There is some truth in this statement. Most outsourcing contracts tend to be assigned to the vendor of the platform that is being outsourced, raising potential concerns about bid competitiveness. Even in cases where there are few qualified bidders for outsourcing work, creating a formal requirements definition to guide the outsourcing arrangement – with work reviewed each step of the way by a team representing key business stakeholders, audit, and tech-savvy IT staff or advisors, will help take the politics out of the choice.
Another political dimension of the outsourcing process is the fact that outsourcing is usually accompanied by a reduction in IT staff. That can be true and you should consider whether there are some staff, who are nearing retirement age, who may be delighted to accept an early retirement, and in many cases, outsourcing vendors may be willing (and enthusiastic) to hire part of your staff to continue serving your needs and those of other customers. Finally, core staff can (and often should) be retained to continue working with software applications or to explore new technologies that might benefit the company in innovative ways in the future.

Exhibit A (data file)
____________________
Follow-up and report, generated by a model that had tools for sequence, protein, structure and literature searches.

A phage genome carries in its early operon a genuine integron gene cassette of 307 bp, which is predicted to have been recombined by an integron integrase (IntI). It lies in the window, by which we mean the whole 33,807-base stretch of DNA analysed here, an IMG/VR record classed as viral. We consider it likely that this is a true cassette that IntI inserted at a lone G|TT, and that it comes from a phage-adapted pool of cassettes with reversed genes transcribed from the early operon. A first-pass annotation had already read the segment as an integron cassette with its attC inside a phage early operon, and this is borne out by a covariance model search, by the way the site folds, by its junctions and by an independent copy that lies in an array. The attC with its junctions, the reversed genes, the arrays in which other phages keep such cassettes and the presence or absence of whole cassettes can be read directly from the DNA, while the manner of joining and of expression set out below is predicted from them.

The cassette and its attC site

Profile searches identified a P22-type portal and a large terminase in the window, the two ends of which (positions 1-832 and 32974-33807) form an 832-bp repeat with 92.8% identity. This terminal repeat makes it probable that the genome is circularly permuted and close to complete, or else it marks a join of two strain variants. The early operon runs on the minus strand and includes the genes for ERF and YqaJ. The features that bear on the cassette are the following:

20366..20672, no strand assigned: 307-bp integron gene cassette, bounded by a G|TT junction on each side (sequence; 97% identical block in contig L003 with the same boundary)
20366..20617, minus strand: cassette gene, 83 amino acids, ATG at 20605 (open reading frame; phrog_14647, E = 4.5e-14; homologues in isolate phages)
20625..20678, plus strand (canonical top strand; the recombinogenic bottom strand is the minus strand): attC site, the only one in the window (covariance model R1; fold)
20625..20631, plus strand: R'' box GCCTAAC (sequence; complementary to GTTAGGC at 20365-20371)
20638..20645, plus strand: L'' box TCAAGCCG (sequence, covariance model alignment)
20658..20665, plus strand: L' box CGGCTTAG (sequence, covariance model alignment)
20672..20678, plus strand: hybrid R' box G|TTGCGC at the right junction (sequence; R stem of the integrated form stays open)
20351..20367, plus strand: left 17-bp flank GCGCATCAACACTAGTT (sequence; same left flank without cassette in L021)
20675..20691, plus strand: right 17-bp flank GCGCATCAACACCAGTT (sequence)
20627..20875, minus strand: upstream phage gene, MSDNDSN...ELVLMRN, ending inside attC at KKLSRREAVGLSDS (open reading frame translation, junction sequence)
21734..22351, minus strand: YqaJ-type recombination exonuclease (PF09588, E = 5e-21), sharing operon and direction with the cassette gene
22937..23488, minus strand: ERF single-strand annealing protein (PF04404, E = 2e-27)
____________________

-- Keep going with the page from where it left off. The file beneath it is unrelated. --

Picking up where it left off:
Invariably, given the negative press that outsourcing has received against a backdrop of a recessionary economy, the term itself is “politicized.” Truth be told, most mainframe outsourcing arrangements do not involve off-shoring jobs to foreign locales, but to in-country providers of technology services. Under the circumstances, framing the strategy in strictly business terms – or as an optimization strategy with payoffs in terms of greater systems availability at a lower cost – is the best course of action.
Posted by Adrian